...Dennett's book is also a document of the intellectual havoc of our infamous polarization, with its widespread and deeply damaging assumption that the most extreme statement of an idea is its most genuine statement.

It's odd to be lectured on intemperate language by a man who opened his review of Nicholson Baker's anti-Bush novel Checkpoint with the words "This scummy little book...."

Gee, I keep reading on right-wing Web sites that Democrats have a monopoly on unhinged behavior. So how could this have possibly happened in Ulster County in upstate New York?

Rochester councilman finds nails in driveway

Alex Miller [a Democrat]has been told he doesn't belong in the Town of Rochester, much less on the Town Board making changes.

Sunday night, someone tried to hammer the point home by scattering about 150 galvanized roofing nails at the end of his driveway.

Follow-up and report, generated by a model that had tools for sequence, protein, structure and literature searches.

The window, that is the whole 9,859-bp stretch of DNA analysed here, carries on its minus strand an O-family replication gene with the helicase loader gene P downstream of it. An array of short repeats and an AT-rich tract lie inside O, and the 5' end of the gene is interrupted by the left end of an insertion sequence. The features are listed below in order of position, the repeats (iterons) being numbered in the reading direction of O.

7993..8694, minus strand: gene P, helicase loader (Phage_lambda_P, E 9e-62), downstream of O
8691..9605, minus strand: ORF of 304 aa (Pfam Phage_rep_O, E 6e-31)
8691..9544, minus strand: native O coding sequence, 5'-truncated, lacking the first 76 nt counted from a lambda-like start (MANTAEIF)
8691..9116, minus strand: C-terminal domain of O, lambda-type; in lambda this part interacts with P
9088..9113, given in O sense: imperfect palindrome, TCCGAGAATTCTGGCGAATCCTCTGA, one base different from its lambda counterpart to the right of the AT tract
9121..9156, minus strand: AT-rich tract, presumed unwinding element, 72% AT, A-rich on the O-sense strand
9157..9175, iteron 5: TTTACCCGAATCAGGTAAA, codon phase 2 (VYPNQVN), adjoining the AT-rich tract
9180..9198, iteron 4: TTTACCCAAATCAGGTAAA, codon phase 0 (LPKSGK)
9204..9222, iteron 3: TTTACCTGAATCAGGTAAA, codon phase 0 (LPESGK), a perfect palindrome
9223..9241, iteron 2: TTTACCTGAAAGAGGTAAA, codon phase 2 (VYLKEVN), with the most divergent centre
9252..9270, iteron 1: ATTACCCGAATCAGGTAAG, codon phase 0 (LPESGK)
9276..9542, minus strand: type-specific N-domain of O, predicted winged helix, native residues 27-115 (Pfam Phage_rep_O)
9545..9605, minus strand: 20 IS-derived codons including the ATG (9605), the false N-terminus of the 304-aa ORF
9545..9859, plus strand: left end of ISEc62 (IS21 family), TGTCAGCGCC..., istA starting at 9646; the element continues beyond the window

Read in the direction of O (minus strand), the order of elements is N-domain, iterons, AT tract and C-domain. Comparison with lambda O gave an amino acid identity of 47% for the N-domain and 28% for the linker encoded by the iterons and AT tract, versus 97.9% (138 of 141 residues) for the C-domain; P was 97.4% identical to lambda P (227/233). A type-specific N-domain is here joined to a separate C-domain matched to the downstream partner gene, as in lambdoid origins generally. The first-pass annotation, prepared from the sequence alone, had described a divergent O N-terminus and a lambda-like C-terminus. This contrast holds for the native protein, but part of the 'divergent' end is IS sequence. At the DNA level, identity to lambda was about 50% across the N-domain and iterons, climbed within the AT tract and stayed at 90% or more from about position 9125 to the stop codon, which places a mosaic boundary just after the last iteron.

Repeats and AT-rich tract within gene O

And if that didn't get the message across, the same thing happened to Democratic Supervisor Pam Duke; nails were discovered in her driveway the next morning. Both times he reported the incidents to state police in Ellenville....

Miller was elected to the Town Board in November and took office in January. The election put Democrats in charge of the town for the first time in memory.

Among other things, Duke and the new board replaced longtime building inspector Douglas Dymond with someone new, Steve Fornal. The board voted recently to update the town's 37-year-old master plan and approved a one-year large-scale building moratorium.